But because things didn’t start out as smoothly as we’d hoped, the early goal from Messi was crucial, as Iniesta broke him loose with a perfectly weighted ball. He outfought the defender and lofted a cheeky chip over the charging keeper, and that was that. Barely 3 minutes in, we had an early lead, which gave one David Villa a chance to get himself sorted.
His first efforts were offside, foul, lost ball, offside, etc, etc. And when he wasn’t running foul of an overzealous sideline official with an offside flag, he was static, not yet realizing that you have to become a cog within our attack at both ends of the pitch. Once he got a clue, he was marvelous, working give-and-gos with Messi, battling for possession and making things happen. And when he scored our third, off a flawless cross from Alves, the thrashing was complete.
From then on, it was just a question of playing keepaway, which we did to perfection.
The other remarkable thing, which can, we hope, augur well for the future, is that Iniesta’s force field seems to have come down as he scored an absolute delight of a goal that will take one hell of a strike to be outrun for goal of the season. Messi and Villa worked a play, and the resultant Villa cross was punched away by Racing’s keeper. Iniesta ghosted over and, with perfect form, struck off the volley over the keeper. Frankly, I was stunned, more because I, like everyone else, assumed that the force field was still up.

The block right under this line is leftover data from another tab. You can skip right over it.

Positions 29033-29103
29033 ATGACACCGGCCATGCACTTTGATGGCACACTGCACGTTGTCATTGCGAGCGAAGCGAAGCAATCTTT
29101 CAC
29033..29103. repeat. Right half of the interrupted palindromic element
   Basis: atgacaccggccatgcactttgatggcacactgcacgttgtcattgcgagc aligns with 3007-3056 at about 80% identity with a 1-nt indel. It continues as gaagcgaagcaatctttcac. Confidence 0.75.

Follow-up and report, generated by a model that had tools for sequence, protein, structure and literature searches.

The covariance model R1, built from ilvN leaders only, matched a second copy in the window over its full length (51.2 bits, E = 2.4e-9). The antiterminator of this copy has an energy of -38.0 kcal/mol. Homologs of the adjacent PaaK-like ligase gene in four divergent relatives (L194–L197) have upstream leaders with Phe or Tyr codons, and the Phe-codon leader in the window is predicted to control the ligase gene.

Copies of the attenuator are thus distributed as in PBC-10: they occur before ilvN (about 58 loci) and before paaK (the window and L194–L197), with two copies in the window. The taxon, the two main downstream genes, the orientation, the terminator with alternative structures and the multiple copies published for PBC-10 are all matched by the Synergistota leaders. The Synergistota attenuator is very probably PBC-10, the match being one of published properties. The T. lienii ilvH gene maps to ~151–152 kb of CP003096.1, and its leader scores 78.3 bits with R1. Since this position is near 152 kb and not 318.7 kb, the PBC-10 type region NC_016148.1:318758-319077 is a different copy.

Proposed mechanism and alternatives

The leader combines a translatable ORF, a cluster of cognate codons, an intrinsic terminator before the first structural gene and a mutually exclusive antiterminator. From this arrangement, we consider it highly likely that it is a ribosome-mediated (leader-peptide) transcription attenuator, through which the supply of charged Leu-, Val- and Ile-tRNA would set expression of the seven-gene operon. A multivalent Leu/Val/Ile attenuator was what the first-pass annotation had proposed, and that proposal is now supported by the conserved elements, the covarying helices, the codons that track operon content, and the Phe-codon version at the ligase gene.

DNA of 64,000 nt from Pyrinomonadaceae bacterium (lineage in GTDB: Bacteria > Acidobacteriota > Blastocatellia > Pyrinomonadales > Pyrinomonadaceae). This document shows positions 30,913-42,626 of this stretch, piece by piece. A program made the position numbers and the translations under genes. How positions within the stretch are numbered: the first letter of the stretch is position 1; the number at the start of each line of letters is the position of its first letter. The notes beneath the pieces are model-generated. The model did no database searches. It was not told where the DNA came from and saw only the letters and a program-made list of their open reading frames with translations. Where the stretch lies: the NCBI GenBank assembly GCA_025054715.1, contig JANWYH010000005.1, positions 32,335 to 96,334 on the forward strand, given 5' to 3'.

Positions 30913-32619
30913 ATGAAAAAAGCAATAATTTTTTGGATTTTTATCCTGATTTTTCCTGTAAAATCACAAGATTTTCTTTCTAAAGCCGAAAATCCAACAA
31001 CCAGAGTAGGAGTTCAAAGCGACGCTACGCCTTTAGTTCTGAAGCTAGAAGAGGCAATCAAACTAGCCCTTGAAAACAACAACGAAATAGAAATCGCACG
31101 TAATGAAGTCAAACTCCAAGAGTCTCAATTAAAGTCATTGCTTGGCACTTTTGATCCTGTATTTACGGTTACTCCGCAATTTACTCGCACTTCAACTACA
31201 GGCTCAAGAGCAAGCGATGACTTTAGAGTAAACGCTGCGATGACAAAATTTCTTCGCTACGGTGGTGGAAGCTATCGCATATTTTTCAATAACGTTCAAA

It was also a goal that came from pressing, and effort. Messi worked himself into a position that forced the keeper to make the punch, rather than catching and distributing. And Iniesta was pushed up, because we were determined to attack, and not cede any possession that we didn’t have to, to Racing. So he was in the perfect spot for his golazo. And once we notched that second goal, it was all over but the shouting, even though there was still a bit of drama, courtesy of Valdes.
After a bad bit of interplay between Busquets and Alves, Racing were off on the attack. Maxwell initially tried to take the professional foul on the sideline. When that didn’t work, he had to chase, and caught the attacker in the box. He did indeed brush him, but no way should have have been a penalty. Yet the attacker got the call. At 2-1, it’s a very different, and much more fraught match. So up stepped Tchite to take the penalty. He struck it well, and Valdes, who has clearly been working out with Pinto, flashed out to parry it away. And that was that, the last real threat that Racing offered us. They did have shots, including a couple of excellent chances, but Valdes was more than up to the task.